If Lance Armstrong was going to come clean then the time was long ago. Not, as he chose, in a two-part special with Oprah. Much has been made of Armstrong’s long-overdue confession with America’s most watched talk show host. It’s been described as a bid to secure his long-term future [Armstrong wasn’t paid for the interview, but it was suggested that by confessing, he could open the way to a reduction in his lifetime ban] or as some kind of redemption and rehabilitation strategy. If it was, he failed.
If Armstrong wanted a path back to competition then his best strategy was to remain silent. I’m not condoning it, or suggesting that he shouldn’t have come clean, but the timing and manner of his admission were all wrong. The right thing to do would have been to own up to his cheating when the rumours first started to surface. There was even a window when the USADA investigation gathered pace – he could have avoided the high-profile publicity, the 1000 page report and the mass media attention.
But, given that he repeatedly denied he’d doped, and went as far as to sue people who were actually telling the truth, Armstrong’s best strategy was to stick to the approach he adopted when the USADA labelled him a serial cheat – to stop denying he had cheated and say nothing. Given that most people already believed he was guilty, most people would have forgotten about him in a matter of months.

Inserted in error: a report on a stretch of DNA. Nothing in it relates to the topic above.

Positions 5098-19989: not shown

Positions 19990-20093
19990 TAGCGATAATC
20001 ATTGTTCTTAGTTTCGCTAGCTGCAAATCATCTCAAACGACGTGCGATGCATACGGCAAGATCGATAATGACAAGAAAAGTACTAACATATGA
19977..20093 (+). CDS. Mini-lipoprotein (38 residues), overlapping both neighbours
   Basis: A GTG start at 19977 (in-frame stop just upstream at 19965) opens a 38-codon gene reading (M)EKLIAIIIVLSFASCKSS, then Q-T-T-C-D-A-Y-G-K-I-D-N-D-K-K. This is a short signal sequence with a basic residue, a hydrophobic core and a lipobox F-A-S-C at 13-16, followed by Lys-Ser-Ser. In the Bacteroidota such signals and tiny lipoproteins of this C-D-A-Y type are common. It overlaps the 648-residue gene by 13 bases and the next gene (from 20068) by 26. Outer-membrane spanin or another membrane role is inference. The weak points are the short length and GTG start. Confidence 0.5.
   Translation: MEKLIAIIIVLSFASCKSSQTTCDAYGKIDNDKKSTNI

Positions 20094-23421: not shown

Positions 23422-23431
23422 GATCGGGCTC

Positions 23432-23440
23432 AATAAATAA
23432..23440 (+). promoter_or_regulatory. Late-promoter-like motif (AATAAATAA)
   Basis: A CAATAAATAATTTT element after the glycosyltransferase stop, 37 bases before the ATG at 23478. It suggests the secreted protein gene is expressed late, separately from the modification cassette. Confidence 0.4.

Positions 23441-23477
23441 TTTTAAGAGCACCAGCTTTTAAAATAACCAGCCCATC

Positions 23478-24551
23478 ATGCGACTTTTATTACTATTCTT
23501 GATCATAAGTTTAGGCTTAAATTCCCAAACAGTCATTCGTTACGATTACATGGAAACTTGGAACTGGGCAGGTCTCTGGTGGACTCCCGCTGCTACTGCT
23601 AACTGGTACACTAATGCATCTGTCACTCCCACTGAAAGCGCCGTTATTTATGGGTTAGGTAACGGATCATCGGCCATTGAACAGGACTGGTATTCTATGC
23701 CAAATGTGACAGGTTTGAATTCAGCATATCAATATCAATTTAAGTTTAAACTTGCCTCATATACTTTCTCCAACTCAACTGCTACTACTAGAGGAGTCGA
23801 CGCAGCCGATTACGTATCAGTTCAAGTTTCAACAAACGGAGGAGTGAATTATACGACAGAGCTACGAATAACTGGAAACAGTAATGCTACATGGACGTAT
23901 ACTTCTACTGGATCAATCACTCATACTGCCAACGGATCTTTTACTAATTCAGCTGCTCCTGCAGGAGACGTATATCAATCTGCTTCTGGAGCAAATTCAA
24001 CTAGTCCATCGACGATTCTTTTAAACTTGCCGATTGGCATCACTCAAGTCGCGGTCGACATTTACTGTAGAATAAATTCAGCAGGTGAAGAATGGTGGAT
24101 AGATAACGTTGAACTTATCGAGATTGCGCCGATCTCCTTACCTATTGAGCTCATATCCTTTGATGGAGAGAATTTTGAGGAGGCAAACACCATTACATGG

Sure, there would always have been a cloud hanging over him, but he could always have truthfully repeated the mantra, ‘I never failed a test’. This was, after all, the fact, if not the truth. Had Armstrong continued to work behind the scenes for his Livestrong foundation he could, in time, have reestablished himself in the role of cancer survivor and charity fundraiser and reentered the public arena. Silence would have enabled him to lobby the sporting powers for a reduction of his life ban and re-introduction to competitive triathlon and road racing in 2020 as an age-grouper. In 7 years, likely only the hardcore cyclists will remember him, and nobody would criticize his establishment of a foundation that has raised hundreds of millions to inspire and support people affected by cancer.
Armstrong’s very public admission, however, will likely cost him his reported $100m fortune, as well as his chances of ever competing again, and label him not only a cheat, but a serial liar. This is now what his legacy will be.